Can More Muslims Elected to Office Cure Islamophobia?

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Police patrol the area where protesters from the so-called Bureau of American-Islamic Relations (BAIR) take part in a demonstration in front of the Islamic Association of North Texas at the Dallas Central Mosque on December 12, 2015 in Richardson, Texas. About two dozen members of the group protested in front of the mosque, as counter-protesters demonstrated across the street.  (Photo: John Moore / Getty Images)

There are talented and non-extremist Muslim Americans seeking to serve in public office, yet the goal of getting more Muslims elected is also a steadfast Islamist objective. On August 14, the Council on American-Islamic Relations (CAIR) shared a fundraising email campaign in which they request donations to:

  • Launch a nationwide training program to encourage 200 American Muslims to run for office in 2020
  • Hire a full-time political candidate trainer to engage Muslims

CAIR also claims donations to CAIR qualify as zakat. Zakat is charity given to only Muslims, and — in good faith — to the most destitute in the community.

A turbulent political season ushered in by the contentious 2016 presidential elections inspired over 90 Muslims to run for political office. In what can be described as a “green wave,” many of those Muslim-American candidates have underscored their religion as identity markers in their campaigns.

The hope of many of those supporting increased Muslim presence in political office is rooted in the idea that Muslim representation will benefit the Muslim-American demographic. However, Islamists like CAIR and their endorsed candidates are not interested in outreach to a wide net of Muslim communities; they’re interested in riding the coattails of the Far Left that has gained considerable momentum on the American political landscape over the last few years.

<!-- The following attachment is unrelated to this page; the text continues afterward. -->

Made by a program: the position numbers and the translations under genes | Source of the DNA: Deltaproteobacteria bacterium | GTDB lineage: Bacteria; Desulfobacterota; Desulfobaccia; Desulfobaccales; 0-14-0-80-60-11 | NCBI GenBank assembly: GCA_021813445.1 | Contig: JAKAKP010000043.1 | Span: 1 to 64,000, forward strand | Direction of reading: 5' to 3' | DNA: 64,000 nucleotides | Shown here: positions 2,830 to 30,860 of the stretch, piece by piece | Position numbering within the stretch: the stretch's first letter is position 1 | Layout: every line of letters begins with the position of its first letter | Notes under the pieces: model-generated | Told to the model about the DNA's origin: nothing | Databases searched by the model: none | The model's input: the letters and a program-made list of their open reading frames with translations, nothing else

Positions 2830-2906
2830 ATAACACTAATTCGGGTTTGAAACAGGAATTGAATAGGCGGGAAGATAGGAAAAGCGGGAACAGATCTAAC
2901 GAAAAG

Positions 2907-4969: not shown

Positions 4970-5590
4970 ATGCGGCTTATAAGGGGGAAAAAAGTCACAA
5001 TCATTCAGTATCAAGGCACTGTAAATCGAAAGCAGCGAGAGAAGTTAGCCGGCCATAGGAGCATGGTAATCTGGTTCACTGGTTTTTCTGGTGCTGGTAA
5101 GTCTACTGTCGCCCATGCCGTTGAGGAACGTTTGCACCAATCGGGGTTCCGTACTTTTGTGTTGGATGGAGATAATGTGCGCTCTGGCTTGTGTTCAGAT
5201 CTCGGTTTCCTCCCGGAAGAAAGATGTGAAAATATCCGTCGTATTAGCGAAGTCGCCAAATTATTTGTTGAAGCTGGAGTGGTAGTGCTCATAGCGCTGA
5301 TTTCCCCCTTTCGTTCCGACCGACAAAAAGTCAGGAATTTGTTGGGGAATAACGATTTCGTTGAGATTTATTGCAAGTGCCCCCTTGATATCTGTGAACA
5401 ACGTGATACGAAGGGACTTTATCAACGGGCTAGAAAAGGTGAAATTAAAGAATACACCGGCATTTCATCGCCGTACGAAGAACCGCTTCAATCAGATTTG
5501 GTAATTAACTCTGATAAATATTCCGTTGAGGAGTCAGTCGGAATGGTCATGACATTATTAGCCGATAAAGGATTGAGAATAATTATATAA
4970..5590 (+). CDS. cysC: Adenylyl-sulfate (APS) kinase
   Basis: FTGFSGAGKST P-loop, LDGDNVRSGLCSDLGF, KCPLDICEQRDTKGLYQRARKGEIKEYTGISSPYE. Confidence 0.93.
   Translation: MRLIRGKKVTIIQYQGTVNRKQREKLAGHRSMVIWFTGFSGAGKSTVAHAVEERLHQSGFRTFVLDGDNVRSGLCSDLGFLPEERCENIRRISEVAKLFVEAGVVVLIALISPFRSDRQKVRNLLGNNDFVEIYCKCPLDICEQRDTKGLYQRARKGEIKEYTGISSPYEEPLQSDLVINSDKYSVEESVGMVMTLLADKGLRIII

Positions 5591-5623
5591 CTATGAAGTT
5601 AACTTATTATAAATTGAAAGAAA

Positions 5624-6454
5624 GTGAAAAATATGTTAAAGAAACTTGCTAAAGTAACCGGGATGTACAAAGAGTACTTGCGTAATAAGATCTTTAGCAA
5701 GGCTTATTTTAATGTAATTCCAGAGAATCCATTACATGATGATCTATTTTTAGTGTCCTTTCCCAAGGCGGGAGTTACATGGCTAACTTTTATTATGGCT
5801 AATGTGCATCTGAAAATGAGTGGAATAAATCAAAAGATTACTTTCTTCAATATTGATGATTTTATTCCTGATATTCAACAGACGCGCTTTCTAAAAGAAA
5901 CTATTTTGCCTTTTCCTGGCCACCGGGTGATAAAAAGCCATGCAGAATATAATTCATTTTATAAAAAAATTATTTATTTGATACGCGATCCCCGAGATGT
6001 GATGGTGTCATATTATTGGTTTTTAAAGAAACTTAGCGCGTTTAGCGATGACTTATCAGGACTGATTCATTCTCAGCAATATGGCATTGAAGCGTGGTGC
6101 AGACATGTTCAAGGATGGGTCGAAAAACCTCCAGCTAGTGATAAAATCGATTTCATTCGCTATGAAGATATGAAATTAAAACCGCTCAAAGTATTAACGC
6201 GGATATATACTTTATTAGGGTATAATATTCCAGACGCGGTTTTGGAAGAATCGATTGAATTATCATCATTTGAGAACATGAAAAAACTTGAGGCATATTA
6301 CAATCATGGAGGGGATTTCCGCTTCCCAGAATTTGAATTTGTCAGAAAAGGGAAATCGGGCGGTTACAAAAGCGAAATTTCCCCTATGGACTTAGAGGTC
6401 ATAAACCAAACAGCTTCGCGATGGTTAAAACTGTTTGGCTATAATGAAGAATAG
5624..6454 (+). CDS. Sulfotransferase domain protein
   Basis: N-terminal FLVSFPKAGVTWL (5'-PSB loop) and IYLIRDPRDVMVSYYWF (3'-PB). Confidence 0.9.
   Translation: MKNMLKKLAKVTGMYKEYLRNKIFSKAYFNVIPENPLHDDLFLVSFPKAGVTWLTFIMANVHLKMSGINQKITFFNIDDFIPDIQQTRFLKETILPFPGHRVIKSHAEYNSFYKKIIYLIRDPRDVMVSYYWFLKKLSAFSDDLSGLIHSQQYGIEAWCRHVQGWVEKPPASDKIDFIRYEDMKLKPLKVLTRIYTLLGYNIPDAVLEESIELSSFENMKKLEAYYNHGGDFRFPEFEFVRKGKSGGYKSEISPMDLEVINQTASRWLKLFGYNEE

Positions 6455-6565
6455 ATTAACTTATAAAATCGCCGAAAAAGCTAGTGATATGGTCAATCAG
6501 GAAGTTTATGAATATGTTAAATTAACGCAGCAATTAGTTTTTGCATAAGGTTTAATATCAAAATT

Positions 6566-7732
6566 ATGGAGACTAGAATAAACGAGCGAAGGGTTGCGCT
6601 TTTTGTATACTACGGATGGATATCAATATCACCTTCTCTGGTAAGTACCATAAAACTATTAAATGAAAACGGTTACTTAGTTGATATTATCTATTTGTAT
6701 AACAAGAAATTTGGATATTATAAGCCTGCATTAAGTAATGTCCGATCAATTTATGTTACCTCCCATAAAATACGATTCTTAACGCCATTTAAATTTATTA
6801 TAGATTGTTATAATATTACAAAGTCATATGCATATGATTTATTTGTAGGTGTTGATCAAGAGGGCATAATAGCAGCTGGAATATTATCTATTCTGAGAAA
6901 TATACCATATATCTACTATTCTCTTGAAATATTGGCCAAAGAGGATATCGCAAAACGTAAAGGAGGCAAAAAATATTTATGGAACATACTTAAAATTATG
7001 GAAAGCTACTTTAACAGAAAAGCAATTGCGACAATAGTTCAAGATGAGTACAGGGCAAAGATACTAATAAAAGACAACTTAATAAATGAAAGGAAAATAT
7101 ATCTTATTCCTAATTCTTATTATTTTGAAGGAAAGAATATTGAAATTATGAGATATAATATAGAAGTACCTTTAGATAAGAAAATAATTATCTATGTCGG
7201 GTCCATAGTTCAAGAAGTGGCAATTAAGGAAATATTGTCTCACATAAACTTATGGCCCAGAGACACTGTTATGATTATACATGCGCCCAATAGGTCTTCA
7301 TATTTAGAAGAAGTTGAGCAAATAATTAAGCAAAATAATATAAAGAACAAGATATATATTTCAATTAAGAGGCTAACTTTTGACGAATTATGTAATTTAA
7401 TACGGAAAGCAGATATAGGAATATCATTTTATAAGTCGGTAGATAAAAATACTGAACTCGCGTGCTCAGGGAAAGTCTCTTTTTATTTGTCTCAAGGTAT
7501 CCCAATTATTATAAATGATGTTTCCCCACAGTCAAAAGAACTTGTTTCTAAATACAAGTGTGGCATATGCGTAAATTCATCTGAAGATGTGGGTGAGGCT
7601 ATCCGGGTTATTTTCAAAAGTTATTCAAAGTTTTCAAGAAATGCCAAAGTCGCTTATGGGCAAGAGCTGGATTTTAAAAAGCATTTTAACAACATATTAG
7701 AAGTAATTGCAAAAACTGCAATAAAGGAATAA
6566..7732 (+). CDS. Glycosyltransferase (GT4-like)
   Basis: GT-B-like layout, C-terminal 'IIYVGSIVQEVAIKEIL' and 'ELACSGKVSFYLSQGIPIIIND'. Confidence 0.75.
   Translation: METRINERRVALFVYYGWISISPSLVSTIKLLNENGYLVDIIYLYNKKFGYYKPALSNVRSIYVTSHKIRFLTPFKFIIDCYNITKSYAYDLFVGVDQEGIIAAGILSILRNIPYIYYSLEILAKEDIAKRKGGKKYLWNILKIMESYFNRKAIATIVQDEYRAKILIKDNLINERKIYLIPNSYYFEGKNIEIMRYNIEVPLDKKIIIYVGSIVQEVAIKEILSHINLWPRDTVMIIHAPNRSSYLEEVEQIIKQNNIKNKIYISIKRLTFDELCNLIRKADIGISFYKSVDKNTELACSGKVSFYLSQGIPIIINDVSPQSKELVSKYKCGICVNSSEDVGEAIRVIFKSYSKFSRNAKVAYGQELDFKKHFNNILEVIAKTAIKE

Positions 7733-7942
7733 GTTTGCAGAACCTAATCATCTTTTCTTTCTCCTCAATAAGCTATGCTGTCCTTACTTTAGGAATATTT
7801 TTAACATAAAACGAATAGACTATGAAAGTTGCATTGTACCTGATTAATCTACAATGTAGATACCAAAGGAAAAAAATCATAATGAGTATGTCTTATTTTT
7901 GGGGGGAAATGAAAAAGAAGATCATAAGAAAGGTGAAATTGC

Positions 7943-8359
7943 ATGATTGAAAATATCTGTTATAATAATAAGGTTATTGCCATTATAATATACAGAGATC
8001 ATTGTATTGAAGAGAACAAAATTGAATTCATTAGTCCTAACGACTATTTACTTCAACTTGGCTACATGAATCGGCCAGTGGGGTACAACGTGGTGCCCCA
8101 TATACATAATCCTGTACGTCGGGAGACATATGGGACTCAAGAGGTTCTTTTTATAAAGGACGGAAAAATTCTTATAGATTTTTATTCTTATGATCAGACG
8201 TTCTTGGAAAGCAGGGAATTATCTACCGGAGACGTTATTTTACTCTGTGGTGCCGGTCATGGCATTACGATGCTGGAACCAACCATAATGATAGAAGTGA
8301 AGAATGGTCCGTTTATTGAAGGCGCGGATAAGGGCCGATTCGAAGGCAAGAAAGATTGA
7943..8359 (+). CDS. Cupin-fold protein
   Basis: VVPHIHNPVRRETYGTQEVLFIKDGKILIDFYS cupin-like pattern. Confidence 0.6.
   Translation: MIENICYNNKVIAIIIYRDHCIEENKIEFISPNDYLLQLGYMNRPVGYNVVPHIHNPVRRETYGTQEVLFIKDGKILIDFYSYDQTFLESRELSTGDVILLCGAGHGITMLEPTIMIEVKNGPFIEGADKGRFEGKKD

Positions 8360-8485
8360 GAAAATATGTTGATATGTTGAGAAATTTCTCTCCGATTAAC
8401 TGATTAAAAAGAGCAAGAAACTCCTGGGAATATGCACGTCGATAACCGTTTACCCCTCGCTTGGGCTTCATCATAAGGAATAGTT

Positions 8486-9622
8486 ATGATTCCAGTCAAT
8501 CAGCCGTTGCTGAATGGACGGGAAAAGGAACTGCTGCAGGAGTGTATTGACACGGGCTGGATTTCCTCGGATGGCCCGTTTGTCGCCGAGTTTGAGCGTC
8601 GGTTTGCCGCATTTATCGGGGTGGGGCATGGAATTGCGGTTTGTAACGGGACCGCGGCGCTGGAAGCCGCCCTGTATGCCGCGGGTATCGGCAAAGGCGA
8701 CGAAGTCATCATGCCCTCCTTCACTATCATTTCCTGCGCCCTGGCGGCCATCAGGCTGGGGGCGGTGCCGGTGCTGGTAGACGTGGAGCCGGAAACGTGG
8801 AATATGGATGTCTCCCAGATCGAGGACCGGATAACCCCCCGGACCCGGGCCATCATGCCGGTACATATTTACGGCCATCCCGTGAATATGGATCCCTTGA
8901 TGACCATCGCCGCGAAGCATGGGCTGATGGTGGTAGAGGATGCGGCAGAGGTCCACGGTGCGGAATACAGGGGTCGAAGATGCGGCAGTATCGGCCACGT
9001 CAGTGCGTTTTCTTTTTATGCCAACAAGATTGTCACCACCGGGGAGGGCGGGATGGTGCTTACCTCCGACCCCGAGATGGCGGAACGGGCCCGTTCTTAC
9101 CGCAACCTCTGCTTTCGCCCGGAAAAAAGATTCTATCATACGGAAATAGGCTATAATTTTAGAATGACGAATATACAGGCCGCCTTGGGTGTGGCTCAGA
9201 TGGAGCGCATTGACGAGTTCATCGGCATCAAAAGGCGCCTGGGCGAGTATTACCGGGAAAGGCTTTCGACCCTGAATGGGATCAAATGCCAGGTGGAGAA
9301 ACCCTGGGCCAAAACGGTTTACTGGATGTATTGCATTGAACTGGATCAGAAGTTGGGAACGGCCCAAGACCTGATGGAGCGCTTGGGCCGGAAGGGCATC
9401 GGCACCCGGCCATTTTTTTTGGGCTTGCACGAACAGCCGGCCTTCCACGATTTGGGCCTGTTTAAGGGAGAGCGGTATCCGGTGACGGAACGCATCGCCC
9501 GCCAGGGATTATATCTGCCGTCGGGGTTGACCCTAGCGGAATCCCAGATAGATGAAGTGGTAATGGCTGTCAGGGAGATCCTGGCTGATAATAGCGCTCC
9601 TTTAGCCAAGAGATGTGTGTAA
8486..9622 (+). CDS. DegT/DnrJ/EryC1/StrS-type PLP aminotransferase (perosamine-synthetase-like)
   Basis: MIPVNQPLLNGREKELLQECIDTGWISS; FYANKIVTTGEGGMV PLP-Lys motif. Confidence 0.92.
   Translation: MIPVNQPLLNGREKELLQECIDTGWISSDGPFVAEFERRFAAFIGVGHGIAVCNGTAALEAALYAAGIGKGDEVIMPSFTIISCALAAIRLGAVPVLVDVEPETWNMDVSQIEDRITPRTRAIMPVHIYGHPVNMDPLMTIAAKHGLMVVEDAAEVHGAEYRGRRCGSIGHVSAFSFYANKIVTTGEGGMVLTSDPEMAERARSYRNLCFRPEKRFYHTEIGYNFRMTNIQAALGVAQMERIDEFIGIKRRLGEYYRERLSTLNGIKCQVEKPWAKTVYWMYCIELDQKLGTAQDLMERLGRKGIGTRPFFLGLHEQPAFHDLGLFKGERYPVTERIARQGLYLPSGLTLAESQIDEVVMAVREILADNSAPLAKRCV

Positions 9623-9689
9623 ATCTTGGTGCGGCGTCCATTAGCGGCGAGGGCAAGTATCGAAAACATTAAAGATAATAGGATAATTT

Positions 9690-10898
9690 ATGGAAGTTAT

American leftist politics are convenient vessels for Islamists to carry their message all the way to Capitol Hill by drumming up the cry of Islamophobia.

Yet, the truth is, there is no widespread irrational hatred toward Muslims. If there was, Muslims wouldn’t be winning primaries or being elected to office. 

A more honest conversation around “Islamophobia” starts with admitting that:

  • Some people hate Islam 
  • Because some people hate Islam, they also hate Muslims
  • Many people don’t understand Islam
  • Almost everyone is frustrated by catastrophic world events that seem to be connected to one religion

Islamophobia is a simple term to describe a complex social response to world events. Real frustrations from real people are valuable opportunities for honest conversations. However, those conversations cannot be had when the lid is shut closed with hysterical paranoia that Muslims are hated or that any attempt at a conversation on Islam is demonstrative of hatred toward Muslims.

That isn’t honest, and if there’s one thing we need before a Muslim politician, it’s an honest politician.



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Moderate Muslims Oppose ‘Islamophobia’ Tactic

‘Islamophobia’: A Strategy Devised Before 9/11


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Shireen Qudosi

Shireen Qudosi is Clarion Project's National Correspondent.

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